2004 Denver Annual Meeting (November 7–10, 2004)

Paper No. 4
Presentation Time: 1:30 PM-5:30 PM


DAVIS, Mike A., BREMER, Jordan M., LABONTE, Jon L. and GERLA, Phil J., Geology and Geological Engineering, Univ of North Dakota, Box 8358, Grand Forks, ND 58202, mike_davis@und.edu

Millions of small depressions occur in the glaciated plains of North America from Alberta to Iowa. They host critical habitat for migratory birds and provide an array of ecological and hydrological functions that vary both temporally and spatially. The water budget of these wetlands is perhaps their single most important feature, with storage regulated by basin geometry, and input and output controlled by precipitation and evapotranspiration. Many studies have shown a large change of pothole area with climate variation, but the depths and shapes of the basins are required to estimate water storage.

We surveyed about 100 potholes in the upper Turtle River watershed of northeastern ND using a GPS receiver and an auto-level to determine basin geometry. Most potholes are roughly elliptical, and measurements were made along only the long and short axes. Data were computer contoured to estimate volume and to provide calibration of parametric area-depth-volume relationships. For each wetland, cross-sections were generated to characterize the significance of asymmetry in the volume analysis. Statistical analysis of the results were then used to estimate volumes for wetlands where only surface area is known, such as data from remote sensing.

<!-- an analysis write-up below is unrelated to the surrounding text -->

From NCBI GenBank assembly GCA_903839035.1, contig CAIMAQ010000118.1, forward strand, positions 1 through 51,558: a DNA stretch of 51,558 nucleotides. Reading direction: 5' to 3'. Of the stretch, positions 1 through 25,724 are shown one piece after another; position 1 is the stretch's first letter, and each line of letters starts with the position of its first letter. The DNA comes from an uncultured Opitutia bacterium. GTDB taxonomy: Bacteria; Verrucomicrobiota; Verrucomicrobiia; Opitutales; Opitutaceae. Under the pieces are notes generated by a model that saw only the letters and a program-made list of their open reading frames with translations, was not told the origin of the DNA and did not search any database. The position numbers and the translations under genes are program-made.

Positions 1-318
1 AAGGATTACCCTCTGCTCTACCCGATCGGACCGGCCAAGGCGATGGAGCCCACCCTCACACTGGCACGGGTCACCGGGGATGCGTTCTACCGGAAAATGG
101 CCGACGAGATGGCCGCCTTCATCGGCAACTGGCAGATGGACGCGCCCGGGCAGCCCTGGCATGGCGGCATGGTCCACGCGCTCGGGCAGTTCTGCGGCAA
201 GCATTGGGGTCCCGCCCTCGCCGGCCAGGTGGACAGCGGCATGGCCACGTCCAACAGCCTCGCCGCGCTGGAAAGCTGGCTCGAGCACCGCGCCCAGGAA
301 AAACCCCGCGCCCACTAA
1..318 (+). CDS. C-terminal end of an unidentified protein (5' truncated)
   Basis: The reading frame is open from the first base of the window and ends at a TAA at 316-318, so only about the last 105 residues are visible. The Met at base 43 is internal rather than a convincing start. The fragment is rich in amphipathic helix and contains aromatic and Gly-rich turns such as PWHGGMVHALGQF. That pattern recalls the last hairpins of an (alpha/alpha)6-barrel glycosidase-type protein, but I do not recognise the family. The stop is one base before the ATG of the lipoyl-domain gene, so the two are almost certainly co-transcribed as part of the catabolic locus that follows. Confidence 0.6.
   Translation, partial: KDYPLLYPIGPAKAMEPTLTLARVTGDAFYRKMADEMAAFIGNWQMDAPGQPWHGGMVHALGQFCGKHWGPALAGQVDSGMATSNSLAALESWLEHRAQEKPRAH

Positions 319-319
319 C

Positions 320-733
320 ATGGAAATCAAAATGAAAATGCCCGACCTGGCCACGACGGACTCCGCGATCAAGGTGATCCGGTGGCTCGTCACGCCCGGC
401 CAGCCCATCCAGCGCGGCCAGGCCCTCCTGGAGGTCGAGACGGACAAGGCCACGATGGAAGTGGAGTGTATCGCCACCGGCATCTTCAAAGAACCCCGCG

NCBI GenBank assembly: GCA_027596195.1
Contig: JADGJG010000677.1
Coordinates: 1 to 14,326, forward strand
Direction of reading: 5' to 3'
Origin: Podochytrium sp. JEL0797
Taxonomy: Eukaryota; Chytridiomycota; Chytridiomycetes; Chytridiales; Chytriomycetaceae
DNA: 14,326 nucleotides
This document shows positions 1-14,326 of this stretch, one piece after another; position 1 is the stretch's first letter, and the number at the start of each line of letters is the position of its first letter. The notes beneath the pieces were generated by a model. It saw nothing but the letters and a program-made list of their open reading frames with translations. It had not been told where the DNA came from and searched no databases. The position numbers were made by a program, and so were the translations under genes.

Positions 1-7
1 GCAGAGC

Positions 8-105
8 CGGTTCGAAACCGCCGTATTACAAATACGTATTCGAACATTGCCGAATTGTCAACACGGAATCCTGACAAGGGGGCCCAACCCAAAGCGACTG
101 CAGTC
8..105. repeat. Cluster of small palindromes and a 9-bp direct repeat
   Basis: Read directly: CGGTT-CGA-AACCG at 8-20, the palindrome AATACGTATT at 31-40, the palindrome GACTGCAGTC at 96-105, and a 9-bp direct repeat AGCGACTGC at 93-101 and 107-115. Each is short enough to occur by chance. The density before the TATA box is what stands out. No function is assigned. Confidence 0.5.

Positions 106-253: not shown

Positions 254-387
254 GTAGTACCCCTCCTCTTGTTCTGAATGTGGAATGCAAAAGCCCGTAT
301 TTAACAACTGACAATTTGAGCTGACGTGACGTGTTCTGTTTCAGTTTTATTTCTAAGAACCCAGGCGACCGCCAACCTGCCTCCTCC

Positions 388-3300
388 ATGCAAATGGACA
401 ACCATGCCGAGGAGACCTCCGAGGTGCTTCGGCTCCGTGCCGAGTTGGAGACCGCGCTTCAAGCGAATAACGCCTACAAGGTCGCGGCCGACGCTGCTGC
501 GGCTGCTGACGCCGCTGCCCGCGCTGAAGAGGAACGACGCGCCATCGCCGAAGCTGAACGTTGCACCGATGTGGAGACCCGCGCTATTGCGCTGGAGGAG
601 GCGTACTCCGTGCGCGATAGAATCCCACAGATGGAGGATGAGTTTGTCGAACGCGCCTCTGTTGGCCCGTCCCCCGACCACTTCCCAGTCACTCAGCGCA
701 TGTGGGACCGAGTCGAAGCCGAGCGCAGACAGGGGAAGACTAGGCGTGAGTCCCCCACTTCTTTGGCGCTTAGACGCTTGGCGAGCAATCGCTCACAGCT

Most of the potholes surveyed are ephemeral or seasonal, and although similar in size and shape, each exhibits different geometrical characteristics. A few are asymmetrical. Wind erosion may be an important mechanism that causes asymmetry, but we do not yet know why only a small subset of the potholes shows this characteristic. Currently we lack data on larger, more permanent potholes; as size increases they become more difficult to measure. Preliminary results suggest that shape of these small lakes differs significantly from most potholes. We plan to continue pothole measurement, so that general relationships between water persistence, area, depth, and shape can be determined. These data will provide us with knowledge on the distribution of pothole shape, shoreline characteristics, and volume-area relationships, and information on the physical factors that lead to these features. Based on data extracted from the National Wetlands Inventory, we believe it will be possible to characterize the asymmetry and area-volume relationship for wetlands throughout the prairie pothole region.